Federal agents threaten Charlotte city councilman with arrest

CHARLOTTE, N.C. — Federal agents threatened a Charlotte city councilman with arrest Friday as Immigration and Customs Enforcement discussed a series of immigration arrests around Charlotte and across the state this week.

The Atlanta field officer who oversees the Southeast traveled to the Queen City for a rare news conference.

ICE officials said Mecklenburg County Sheriff Garry McFadden is putting politics over public safety by eliminating 287(g), a federal program that allows sheriffs to run undocumented immigrants' names through a database and notify ICE.

Councilman Braxton Winston, who is also known as an activist, was attempting to enter the Department of Homeland Security office to talk to the director. The government building is public.

Winston was told he could not enter, and after he refused to leave, he was threatened with arrest.

Political reporter Joe Bruno recorded the confrontation on his cellphone and later tweeted it.

Winston eventually was able to meet with the assistant director, and the officer apologized to Winston.

The councilman said it was frustrating and he was angry because all he wanted to do was establish a line of communication with the agency.

ICE officials said 200 people were arrested in North Carolina over the past few days.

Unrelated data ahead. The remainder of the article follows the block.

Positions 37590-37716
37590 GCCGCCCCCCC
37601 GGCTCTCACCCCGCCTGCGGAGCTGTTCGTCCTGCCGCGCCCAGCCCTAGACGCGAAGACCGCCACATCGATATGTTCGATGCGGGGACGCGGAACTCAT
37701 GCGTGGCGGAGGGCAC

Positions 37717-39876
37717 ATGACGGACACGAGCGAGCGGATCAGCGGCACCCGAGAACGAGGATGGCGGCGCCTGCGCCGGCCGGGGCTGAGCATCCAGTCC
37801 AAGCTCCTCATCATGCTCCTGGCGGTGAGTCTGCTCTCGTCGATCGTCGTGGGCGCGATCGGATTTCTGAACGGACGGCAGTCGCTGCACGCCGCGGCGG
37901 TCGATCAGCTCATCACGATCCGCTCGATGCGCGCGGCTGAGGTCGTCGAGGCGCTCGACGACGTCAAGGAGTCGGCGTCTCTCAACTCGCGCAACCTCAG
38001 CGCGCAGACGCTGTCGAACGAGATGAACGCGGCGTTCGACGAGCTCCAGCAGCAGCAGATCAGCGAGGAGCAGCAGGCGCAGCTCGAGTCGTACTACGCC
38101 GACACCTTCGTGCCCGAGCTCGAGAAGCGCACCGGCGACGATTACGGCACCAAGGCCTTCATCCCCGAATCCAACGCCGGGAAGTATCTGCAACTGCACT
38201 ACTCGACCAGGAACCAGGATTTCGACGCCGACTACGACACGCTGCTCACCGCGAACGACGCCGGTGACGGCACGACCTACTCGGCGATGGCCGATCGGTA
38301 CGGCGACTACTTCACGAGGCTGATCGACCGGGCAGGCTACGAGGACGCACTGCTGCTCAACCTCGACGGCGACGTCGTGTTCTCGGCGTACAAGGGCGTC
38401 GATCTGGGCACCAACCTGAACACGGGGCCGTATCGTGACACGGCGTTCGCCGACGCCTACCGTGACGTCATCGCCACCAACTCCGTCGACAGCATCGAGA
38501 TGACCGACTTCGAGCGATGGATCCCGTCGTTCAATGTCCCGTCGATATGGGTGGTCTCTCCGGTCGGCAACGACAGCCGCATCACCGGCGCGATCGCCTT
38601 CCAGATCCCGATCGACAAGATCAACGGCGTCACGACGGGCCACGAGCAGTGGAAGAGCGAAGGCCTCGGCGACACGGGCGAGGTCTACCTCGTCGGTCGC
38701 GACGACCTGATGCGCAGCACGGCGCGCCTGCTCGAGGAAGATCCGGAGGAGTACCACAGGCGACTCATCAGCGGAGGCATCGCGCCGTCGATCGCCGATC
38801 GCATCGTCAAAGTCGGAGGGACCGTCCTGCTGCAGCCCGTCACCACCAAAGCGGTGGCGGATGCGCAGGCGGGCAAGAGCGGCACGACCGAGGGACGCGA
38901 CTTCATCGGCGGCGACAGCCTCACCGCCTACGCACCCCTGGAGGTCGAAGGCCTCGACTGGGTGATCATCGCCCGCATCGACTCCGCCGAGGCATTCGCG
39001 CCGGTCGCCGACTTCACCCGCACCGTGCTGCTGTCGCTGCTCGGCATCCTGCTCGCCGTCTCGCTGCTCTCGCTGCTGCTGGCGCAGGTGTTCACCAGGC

While some leaders said they are upset about the arrests, ICE said they only target those who belong behind bars.

They said of the 200 people recently arrested, 60 were discovered during the targeted enforcement. ICE agents weren’t looking for them.


  • 50 had a criminal conviction
  • 40 had pending charges
  • 50 were ICE fugitives
  • 60 were discovered by officers looking for other people

The agency said last year, 91 percent of their arrests were undocumented immigrants with pending criminal charges or a prior conviction.

An estimated 30,000 to 40,000 undocumented immigrants live in the Charlotte region, officials said.

However, an investigation by The Washington Post found that arrests of noncriminals have doubled since 2017.

The director of ICE, Sean Gallagher, said McFadden is partly to blame for the increased enforcement and warned the public would see a more visible presence in Mecklenburg County after the 287(g) program ended.

ICE officials said McFadden released a gang member who shot someone with an AK-47 and was charged with assault with intent to kill.

McFadden pushed back that his policies are to blame.

“For ICE representative Sean Gallagher to suggest that dangerous people are suddenly walking out of jail because of the termination of the 287(g) policy is engaging in cynical fearmongering"

Gallagher said even if you are not a target, if you are in the country illegally and ICE comes across you during the targeted enforcement, officers will not turn a blind eye. 

"If they are unfortunately at the wrong place at the wrong time, and they are illegally in this country, my officers will in most cases take action," Gallagher said. 

There is fear in the Hispanic community, an activist said.

“People are not going to work,” activist Jessica Maria Moreno said. “People are not taking their kids to school. Small businesses are suffering because people aren't going to shop anymore.”

Businesses like Manolo's Bakery said they are seeing an economic impact. The owner said he is seeing a major decrease in business because people are afraid to be out in the community. 

“Fear is the biggest issue right now,” owner Manolo Betancur said.

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